Walking on Hot Coals for Burger King

We Americans are kind of a rah-rah people. We tend to enjoy getting fired up -- at sporting events, at political rallies, in church, wherever. Shout hallelujah! Won one for the Gipper! Four more years! These have been some our exuberant cries. And, now, we can add this classic: Burn your feet for Burger King!

Yes, in addition to god, country, party, and team, corporations increasingly are holding employee pep rallies and otherwise trying to fire-up their worker bees with the holy corporate spirit. But it appears that Burger King is the first that literally has tried to fire-up its workers.

Associated Press reports that more than 100 marketing employees of this British-owned fast food giant recently gathered at a resort in the Florida Keys for a corporate retreat that was meant to promote bonding. To show their enthusiasm for the corporate team, the employees were asked to engage in the ritual of fire-walking -- literally to walk barefooted across a bed of white-hot coals. How hot? As hot as 1,200 degrees! Hot enough that a doctor had to be brought in to treat about a dozen of the fired-up workers for first and second degree burns. One woman was hospitalized, and some of the others had to have wheelchairs to leave the resort.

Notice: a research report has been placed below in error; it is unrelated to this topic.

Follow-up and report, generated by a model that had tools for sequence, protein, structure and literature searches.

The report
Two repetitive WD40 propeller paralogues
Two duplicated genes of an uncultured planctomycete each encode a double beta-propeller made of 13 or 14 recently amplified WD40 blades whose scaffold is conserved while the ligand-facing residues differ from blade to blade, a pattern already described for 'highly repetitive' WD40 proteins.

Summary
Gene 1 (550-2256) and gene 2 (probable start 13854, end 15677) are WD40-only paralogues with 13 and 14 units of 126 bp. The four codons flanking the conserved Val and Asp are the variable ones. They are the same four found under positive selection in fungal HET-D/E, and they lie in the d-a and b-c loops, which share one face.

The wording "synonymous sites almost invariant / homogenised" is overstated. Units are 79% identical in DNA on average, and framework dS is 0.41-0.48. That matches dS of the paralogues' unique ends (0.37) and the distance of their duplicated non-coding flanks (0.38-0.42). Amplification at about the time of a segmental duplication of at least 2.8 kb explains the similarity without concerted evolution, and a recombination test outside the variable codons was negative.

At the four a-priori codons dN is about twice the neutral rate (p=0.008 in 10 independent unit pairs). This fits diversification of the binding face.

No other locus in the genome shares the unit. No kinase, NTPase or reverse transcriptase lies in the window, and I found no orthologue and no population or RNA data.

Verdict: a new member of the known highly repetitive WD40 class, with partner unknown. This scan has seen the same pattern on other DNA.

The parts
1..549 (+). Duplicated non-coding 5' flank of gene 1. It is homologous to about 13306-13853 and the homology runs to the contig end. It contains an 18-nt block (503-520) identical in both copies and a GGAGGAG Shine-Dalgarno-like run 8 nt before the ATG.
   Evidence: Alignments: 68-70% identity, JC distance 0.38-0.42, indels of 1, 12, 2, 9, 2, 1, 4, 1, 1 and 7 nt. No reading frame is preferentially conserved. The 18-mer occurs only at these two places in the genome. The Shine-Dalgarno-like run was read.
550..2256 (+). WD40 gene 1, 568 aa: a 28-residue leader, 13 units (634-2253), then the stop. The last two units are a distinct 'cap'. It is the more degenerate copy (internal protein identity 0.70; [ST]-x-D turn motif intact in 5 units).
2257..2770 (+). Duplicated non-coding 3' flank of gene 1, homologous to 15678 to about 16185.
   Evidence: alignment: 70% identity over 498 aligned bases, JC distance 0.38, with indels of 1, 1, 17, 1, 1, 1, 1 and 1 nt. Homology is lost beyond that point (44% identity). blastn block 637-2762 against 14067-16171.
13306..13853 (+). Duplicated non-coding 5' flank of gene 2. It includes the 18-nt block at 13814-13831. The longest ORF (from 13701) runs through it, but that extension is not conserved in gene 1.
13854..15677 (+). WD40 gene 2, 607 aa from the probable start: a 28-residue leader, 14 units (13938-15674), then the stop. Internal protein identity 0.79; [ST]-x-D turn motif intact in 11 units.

Not that the corporation was surprised that its people got burned. Prior to the fire-walk, Burger King required the participants to sign a waiver acknowledging that they might get hurt and absolving the company of liability. Not to sign, and not walk across the coals, would of course be a sign that maybe they lacked the proper team spirit.

One who suffered injury was Burger King's vice president of product marketing. But, hey, she had no regrets, for she was filled with the corporate rapture. Walking across searing coals, she exclaimed, "Made you feel a sense of empowerment and that you can accomplish anything."

This is Jim Hightower saying ... Yeah, if you consider first-degree burns an accomplishment.

Enjoy this piece?

… then let us make a small request. AlterNet’s journalists work tirelessly to counter the traditional corporate media narrative. We’re here seven days a week, 365 days a year. And we’re proud to say that we’ve been bringing you the real, unfiltered news for 20 years—longer than any other progressive news site on the Internet.

It’s through the generosity of our supporters that we’re able to share with you all the underreported news you need to know. Independent journalism is increasingly imperiled; ads alone can’t pay our bills. AlterNet counts on readers like you to support our coverage. Did you enjoy content from David Cay Johnston, Common Dreams, Raw Story and Robert Reich? Opinion from Salon and Jim Hightower? Analysis by The Conversation? Then join the hundreds of readers who have supported AlterNet this year.

Every reader contribution, whatever the amount, makes a tremendous difference. Help ensure AlterNet remains independent long into the future. Support progressive journalism with a one-time contribution to AlterNet, or click here to become a subscriber. Thank you. Click here to donate by check.

alternet logo

Tough Times

Demand honest news. Help support AlterNet and our mission to keep you informed during this crisis.